12 Nov 2020 | Professional golf |
Leishman not caught in Bryson bubble
by Mark Hayes
Aussie Marc Leishman has vowed to play his own game at Augusta National this week, forgetting the sideshow that Bryson DeChambeau’s distance has become.
Leishman, in his eighth Masters and having twice finished inside the top 10, said he would not make radical changes to chase the American, who some think could change the way golf is played with his prodigious length.
“I could it hit it further if I wanted to,” the Victorian told the Fork in the Road podcast.
“But I’ve just got to keep doing what I’ve been doing … and obviously just perform on the week.
“Maybe the conditions need to be right for me – a bit firmer of a bit of wind.
“(And any) wind is going to make it tough for him (Bryson) if his ball’s in the air for 10 seconds and travelling 400 yards.
“But he’s doing a good job with all that stuff … he’s doing it his way and it’s certainly working for him at the moment.”
Leishman is one of five Aussies in the field this week, alongside 2013 champ Adam Scott, 2011 runner-up Jason Day and their fellow Queenslander, Cam Smith.
Also in the field is Victorian amateur Lukas Michel, the 2019 US Mid-Amateur champion who has been in the United States since August for the US Amateur, US Open and now the year’s final major in a new timeslot.
Michel spent Monday night in the famous “Crow’s Nest” in the clubhouse with only one amateur per night permitted because of Covid-19 restrictions.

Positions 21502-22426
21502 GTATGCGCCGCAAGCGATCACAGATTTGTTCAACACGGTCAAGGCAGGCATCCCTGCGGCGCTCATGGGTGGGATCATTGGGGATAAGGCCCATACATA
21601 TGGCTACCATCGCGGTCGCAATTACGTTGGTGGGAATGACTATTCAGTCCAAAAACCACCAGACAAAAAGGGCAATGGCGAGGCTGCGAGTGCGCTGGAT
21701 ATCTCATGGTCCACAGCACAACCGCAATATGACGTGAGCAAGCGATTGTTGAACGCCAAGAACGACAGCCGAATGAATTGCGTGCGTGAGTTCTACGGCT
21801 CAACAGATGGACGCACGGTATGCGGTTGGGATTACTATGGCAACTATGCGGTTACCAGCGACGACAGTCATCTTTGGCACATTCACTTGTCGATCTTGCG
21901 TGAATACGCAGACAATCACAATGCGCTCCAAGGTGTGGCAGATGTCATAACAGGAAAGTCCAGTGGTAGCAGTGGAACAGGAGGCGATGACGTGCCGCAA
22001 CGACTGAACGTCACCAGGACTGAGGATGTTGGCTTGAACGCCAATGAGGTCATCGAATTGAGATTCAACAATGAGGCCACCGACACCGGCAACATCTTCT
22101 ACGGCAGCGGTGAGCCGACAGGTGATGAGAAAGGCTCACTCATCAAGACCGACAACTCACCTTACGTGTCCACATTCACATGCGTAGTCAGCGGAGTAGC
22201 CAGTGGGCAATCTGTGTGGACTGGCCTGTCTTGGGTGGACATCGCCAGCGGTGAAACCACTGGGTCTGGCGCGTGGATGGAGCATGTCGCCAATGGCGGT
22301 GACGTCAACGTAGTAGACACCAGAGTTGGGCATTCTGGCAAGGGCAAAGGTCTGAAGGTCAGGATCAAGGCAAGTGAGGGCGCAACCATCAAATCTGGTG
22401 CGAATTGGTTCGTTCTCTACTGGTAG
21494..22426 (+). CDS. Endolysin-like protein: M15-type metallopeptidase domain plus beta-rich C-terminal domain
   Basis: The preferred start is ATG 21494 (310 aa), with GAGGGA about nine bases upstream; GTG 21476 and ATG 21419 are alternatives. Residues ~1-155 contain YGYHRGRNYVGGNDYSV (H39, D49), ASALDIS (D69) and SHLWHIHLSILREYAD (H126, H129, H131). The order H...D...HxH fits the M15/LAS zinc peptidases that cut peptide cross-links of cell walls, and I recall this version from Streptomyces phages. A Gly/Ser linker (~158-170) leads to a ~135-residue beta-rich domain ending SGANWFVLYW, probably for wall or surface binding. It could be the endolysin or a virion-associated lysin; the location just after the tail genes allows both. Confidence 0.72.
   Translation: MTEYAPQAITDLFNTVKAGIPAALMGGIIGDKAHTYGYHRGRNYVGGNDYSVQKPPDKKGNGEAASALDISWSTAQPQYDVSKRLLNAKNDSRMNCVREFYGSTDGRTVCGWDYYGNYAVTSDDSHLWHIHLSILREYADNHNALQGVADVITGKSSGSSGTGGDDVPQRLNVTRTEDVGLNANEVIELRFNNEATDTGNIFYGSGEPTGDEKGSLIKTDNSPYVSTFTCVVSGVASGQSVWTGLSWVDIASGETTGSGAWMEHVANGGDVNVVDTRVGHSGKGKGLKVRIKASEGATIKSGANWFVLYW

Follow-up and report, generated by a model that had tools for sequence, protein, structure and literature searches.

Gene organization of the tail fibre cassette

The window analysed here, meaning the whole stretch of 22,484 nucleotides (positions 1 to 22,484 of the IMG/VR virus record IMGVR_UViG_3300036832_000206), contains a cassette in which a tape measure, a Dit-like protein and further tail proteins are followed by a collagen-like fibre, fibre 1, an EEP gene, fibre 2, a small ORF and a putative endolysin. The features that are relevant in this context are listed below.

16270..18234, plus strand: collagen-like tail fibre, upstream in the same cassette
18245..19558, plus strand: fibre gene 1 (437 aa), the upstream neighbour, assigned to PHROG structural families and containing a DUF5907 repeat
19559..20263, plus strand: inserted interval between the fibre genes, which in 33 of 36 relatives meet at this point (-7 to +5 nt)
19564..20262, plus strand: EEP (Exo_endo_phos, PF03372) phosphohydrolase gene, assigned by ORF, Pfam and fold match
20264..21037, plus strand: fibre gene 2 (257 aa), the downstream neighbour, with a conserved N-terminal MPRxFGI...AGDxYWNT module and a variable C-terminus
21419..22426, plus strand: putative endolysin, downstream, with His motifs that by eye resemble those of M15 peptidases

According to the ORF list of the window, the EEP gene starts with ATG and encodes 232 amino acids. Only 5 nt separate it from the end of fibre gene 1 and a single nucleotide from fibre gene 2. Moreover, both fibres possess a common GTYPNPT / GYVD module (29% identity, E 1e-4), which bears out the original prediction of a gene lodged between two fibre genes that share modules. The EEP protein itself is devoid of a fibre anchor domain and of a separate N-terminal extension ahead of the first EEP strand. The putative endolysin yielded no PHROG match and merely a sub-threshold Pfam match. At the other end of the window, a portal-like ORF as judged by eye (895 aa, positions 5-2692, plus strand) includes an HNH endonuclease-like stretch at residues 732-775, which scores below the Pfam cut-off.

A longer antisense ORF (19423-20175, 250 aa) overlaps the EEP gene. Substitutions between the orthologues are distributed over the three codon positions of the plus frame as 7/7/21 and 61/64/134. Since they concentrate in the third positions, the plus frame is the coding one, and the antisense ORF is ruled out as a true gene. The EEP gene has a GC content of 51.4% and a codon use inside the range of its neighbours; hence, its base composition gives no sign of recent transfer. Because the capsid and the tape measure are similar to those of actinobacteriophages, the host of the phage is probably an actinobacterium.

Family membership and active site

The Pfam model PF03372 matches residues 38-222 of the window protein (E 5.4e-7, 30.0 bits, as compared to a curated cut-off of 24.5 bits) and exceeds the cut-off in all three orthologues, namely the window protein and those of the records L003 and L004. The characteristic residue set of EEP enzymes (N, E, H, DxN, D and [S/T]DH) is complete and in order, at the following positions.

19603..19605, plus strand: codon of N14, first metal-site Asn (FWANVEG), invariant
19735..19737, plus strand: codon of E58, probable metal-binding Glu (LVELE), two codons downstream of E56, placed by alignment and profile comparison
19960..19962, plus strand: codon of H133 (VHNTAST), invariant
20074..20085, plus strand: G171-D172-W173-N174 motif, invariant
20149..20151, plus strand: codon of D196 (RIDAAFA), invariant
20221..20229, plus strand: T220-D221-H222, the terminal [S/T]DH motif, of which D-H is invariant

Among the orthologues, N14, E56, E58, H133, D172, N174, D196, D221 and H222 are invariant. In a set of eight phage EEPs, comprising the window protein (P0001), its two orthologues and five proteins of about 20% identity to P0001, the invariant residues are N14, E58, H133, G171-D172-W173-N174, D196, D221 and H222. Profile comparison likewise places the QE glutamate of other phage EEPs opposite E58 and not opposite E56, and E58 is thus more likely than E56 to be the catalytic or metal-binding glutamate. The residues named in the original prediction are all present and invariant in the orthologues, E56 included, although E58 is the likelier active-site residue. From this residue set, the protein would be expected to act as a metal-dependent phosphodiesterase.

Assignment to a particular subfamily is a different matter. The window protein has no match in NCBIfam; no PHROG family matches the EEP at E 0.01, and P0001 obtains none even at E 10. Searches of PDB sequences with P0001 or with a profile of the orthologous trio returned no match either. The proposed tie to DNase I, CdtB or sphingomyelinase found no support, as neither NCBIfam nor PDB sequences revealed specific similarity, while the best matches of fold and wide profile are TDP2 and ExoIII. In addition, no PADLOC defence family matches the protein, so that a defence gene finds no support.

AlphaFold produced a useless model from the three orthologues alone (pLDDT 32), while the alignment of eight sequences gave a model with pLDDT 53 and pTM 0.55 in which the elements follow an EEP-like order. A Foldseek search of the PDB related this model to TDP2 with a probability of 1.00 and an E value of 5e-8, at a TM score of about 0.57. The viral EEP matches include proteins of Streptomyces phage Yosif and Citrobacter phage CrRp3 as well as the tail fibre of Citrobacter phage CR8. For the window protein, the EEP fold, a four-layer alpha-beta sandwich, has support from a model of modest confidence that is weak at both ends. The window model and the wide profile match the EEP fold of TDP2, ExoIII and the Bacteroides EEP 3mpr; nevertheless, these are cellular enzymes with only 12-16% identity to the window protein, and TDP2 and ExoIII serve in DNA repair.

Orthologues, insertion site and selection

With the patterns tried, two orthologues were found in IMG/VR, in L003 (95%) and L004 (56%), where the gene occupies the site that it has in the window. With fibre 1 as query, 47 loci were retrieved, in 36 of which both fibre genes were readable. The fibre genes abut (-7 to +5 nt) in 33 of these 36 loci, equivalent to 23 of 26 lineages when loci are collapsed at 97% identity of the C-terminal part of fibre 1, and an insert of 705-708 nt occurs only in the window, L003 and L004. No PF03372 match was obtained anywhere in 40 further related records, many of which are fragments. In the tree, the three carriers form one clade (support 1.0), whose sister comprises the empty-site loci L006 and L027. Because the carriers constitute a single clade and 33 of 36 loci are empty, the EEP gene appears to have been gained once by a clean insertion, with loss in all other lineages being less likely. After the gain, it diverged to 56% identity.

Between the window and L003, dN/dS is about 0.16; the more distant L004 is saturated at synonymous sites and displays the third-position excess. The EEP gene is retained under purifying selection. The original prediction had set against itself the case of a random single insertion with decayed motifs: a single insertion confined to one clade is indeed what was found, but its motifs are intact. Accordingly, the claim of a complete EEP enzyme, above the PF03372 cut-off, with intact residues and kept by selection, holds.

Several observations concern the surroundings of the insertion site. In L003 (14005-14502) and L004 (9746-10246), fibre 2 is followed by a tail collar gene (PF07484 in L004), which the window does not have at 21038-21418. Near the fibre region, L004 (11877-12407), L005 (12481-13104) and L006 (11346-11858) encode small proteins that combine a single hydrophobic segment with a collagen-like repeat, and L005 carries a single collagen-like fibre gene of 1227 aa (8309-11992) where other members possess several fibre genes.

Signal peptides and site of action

It gives Michel, a golf history buff, extra incentive to make the cut this week as he might try to stay another night in the famous lodgings should he reach the weekend.
“If there's no one there on tournament days and I've got an early tee time, I think I'll try and sign up for another night,” Michel told nine.com.au.
The tournament, rescheduled from its normal April timing because of the global pandemic, will feature some other different elements this year.
Players will tee off both the first and tenth tees and play in three-balls for at least the first two rounds to ensure the schedule is maintained with fewer hours of sunlight available.
Further changing "normal" service is that because host broadcaster CBS has commitments to televising the NFL on Sunday (local time), the final round will finish four hours earlier than it does regularly.
For Australian fans, this means the fourth round TV coverage will begin at 2am (eastern daylight savings time), or as early as 11pm in Western Australia.
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